Didi & Sigi's Excellent Collection
How do you align your brand with energy, superiority, and effervescence? Build the best private airplane collection in Europe and the most sophisticated museum to show it off.
- By Bettina H. Chavanne
- Air & Space magazine, March 2006
(Page 3 of 6)
Last summer the hangar featured the work of consumers from around the world who had been invited to create sculptures out of Red Bull cans. Admission to the Red Bull museum in Hangar-7, which features a rotating exhibit of aircraft and art, is free.
Hangar-8, on the other hand, is the boisterous sibling, and is closed to the public. Jokes fly, props spin, and guests arrive piloting their own warbirds. And, of course, everyone is pounding Red Bull like it's water. Coolers filled with the stuff are all over the place.
Today, the Flying Bulls' ever-growing collection comprises a North American T-28B Trojan, a North American B-25J Mitchell, a Cessna C208 Amphibian Caravan, a Vought F4U-4 Corsair, five Fairchild-Dornier Alpha Jets, a Pilatus Turbo Porter PC-6/B2-H4, and a Pitts S2B.
There are also a couple of helicopters (including a decommissioned Bell AH-1Z Cobra), race pilot Lefty Gardner's old Lockheed P-38 Lightning-currently being refurbished in Texas-and a Fairchild PT-19 and Boeing Stearman being refurbished in Hangar-8.
But the Douglas DC-6B is the centerpiece of the collection, not so much because of its size as because of the effort it took to get it into the near-perfect condition it's in today. The airplane has an interesting provenance: It was the second to last one off the production line in 1958, and it was delivered-along with its sister aircraft, the last DC-6 ever produced-to the national Yugoslavian airline, JAT.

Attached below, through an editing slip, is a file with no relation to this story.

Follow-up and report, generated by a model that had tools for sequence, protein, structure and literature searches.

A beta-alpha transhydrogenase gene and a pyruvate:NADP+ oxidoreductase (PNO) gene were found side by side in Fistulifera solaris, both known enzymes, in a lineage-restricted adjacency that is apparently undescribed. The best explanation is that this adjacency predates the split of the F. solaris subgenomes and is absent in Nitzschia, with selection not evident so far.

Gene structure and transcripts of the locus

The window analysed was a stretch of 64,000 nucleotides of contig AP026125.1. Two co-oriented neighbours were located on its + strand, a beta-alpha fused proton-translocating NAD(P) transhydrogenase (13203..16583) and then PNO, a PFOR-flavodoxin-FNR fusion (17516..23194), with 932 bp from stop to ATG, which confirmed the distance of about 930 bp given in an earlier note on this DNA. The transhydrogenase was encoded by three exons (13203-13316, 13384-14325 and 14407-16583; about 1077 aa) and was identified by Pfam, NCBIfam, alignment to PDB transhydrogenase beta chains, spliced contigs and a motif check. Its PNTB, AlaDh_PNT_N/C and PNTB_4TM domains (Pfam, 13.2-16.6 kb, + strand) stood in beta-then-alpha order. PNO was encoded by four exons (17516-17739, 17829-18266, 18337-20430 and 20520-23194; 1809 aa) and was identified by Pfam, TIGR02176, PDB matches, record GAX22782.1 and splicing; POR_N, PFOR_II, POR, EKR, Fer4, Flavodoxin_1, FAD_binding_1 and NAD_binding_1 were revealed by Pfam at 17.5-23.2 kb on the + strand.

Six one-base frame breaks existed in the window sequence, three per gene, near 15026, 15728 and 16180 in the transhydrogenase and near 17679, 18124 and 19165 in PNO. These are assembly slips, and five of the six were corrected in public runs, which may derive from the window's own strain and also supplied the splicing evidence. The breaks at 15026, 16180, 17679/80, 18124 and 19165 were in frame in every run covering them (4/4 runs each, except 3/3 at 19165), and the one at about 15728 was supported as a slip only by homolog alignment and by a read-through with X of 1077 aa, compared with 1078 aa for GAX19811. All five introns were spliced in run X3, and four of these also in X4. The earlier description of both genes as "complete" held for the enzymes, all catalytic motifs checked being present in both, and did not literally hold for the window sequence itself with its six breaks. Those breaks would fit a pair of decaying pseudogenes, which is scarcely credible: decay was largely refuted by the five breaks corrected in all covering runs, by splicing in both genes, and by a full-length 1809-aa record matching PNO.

Head of state Marshal Josip Tito had other plans, however, and converted them both into luxurious private transports for his own use. In 1975, Tito sold the DC-6s to the Zambian air force, which stored them at a remote airport for about 12 years, then used them to fly sightseers over west Africa until 1999.
In March 2000, Angerer read in an airline magazine that the aircraft were for sale, and he and Harald Reiter, the Flying Bulls' general manager, set out to buy one. They chose the penultimate one off the production line, and on July 7, 2000, they ferried their new DC-6 home, a trip that took them 26 hours.
"We didn't have a hangar yet, so we started to disassemble the airplane outside in the field, in the grass," says Thomas Muigg, now Flying Bulls' maintenance and technical manager as well as the DC-6's flight engineer. In 2000 he was hired to head up the restoration. The maintenance team ended up replacing 78 percent of the aircraft's structure. The airframe had only 6,000 hours, but was plagued with corrosion. In addition, as team members started to take apart the inner walls of the aircraft, they discovered hundreds of African wasps' nests. The entire restoration took about 30 men four years.